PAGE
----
How many more of the finance droids, that brought the US the financial meltdown, does our nation really need?  Or how many CEOs can the system support?  Versus how many more really good teachers, K-12, and post-secondary instructors, does this nation really need?  The proposed ratings scheme flips the world upside down.  It also says that Mr. Duncan, who has never graced a real classroom, or had an education about education, or has questionably matured beyond an extreme liberal visitor to “Alice in (education) Wonderland,” needs to find a new quixotic pursuit.  Perhaps he could link arms with Bill Gates, extinguish two misdirected blow-torches destroying rational US public education.

Unit of Analysis and Those Clusters

The readiness of this concept for prime time is already questionable simply based on the above issues.  The notion of creating a compensatory fix for inequities, by assigning metrics to clusters of institutions judged to be comparable, may constitute the most unreasonable part of the scheme among a litany of the unreasonable.  There are two issues:  What is the proper “unit of analysis” for assembling metrics; and what happens to the set when that unit becomes a valid one?

Saying you are going to rate a higher education institution on a few metrics is roughly the equivalent of saying you are going to assign one measure of assessment to, for example, the qualities of products in an Amazon warehouse. A newly minted college graduate may walk through a common commencement exercise, but the education represented issued from some specific track within that academic labyrinth.  Each track could be considered the proper unit of analysis, accumulated by a scheme and weighting that would metaphorically mirror putting a human on Mars.  Even going up another level of aggregation may work for valid metrics, but the reality of that analysis challenge doesn’t assuage much.  Here’s one example of the challenge you face in trying to decide how to assess one institution — it is one intimately familiar, but also representative of many in the US — Indiana University.

Indiana University (IU) has two main campuses, Bloomington and Indianapolis, different academic environments.  It has six regional campuses. The Bloomington campus has 14 separate schools plus a College of Arts and Science.  All 15 major units have multiple departments, multiple faculties, heterogeneous curricula (and some institutions differential tuition) — that factually determine the quality of a degree — with 180 majors, in 157 departments, representing 330 degree programs.  The other campuses have variable presence of the same venues, plus where a campus is a joint IU-Purdue campus, there may be additional departments representing engineering, nursing, et al.

So the question is:  What is the effective and defensible unit of analysis?  If it is the substantive track the student takes, and if even our 629 public 4-year institutions have an approximation of the above internal structure, the analysis chore for that subset masses up to over 200,000 unique entities to be judged.

But perhaps the most elemental critique of this Obama/Duncan odyssey is a classic used in virtually every operations research course ever offered, what is termed “the drunkard’s search.”  Referenced by philosopher Abraham Kaplan (author of a text used extensively in higher education research courses, The Conduct of Inquiry), it is his observation that:  “Much effort…in behavioral science itself, is vitiated, in my opinion, by the principle of the drunkard’s search:  There is the story of a drunkard, searching under a lamp for his house key, which he dropped some distance away.   Asked why he didn’t look where he dropped it, he replied ‘It’s lighter here!’”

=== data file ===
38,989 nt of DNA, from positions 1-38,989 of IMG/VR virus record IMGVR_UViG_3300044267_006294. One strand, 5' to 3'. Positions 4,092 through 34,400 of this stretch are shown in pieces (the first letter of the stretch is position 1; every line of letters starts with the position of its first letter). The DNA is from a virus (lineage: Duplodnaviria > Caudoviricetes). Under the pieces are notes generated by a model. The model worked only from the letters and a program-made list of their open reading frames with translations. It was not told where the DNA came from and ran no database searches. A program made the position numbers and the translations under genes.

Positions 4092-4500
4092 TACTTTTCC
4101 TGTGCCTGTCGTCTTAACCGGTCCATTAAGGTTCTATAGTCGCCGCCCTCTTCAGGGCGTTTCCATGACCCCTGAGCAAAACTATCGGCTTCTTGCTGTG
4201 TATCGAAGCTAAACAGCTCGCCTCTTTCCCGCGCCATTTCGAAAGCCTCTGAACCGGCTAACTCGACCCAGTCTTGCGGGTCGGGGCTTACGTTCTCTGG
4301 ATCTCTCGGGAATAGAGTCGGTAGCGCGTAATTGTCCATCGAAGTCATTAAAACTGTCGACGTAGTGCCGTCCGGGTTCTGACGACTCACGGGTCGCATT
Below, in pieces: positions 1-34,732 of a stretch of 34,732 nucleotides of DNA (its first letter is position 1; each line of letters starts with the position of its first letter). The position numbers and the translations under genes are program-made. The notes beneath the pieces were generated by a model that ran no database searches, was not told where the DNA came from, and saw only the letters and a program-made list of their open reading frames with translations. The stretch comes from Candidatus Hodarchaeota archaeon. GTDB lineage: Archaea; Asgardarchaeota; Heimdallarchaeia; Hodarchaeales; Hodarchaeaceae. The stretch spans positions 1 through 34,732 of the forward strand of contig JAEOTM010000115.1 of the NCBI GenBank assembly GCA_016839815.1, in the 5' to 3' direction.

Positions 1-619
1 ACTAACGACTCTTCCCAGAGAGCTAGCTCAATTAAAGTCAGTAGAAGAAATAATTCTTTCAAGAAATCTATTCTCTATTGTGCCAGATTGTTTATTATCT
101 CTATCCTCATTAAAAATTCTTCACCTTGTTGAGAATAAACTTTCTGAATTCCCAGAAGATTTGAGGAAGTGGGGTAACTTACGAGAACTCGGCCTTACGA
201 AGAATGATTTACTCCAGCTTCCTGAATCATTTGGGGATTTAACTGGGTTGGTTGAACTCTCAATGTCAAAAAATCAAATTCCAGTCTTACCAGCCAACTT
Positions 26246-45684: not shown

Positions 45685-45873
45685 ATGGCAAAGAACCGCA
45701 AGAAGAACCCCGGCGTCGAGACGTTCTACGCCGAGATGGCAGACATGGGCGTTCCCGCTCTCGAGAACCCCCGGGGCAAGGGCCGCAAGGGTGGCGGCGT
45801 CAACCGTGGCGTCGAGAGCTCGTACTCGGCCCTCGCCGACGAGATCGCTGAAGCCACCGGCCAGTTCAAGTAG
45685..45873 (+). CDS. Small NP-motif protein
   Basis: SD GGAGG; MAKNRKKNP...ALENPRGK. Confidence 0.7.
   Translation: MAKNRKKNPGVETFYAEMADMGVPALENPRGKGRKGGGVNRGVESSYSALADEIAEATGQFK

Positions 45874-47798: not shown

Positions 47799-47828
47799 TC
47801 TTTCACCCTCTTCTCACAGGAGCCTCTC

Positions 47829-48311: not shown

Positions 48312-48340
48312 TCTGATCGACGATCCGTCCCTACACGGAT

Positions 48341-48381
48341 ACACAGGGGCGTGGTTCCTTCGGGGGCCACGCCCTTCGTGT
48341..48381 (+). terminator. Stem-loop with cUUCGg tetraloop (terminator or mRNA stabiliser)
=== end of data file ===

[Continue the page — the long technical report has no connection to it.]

Lastly, a challenge to the creators of this scheme to actually employ some of the science of measurement that has accumulated since Descartes, LaPlace, Pascal, Fermat, et al., roamed the historical halls of academe, through contemporary expertise:  Will the team developing this scheme even tap the most rudimentary pretest of its metrics; putting a test run of their results up against the expert judgements of a panel of our best and brightest, to see if their metrics can replicate the arguably informed and sophisticated professional judgements of quality of a cross section of institutions?  The prudent advice is, don’t try to hold your breath for the pretest.

Tentative Conclusions

American post-secondary institutions, especially the two-year and four-year variety that lack quality accreditation, or are isolated academically from primary campuses, and that lack the internal controls on faculty quality that are embedded in mainstream institutions, are most in need of assessment for the quality of outputs.  But a material fraction, of our almost 2,500 4-year public and private colleges/universities, probably internally does more work on maintaining learning quality than the US Department of Education does to police their own cognitive integrity.

All of America’s colleges and universities, however, may be candidates for inspection for symptoms of “Baumol’s cost disease,” referencing failure to aggressively seek functional productivity increases over decades.  And some of the mainstream campuses we all relate to may have components that have decayed, or are still fielding bricks-and-mortar excesses.  But what appears very clear is, this scheme by the Obama Administration is not a viable cure for any part of America's post-secondary education assessment needs; it comes closer to being another dose of Federal snake-oil.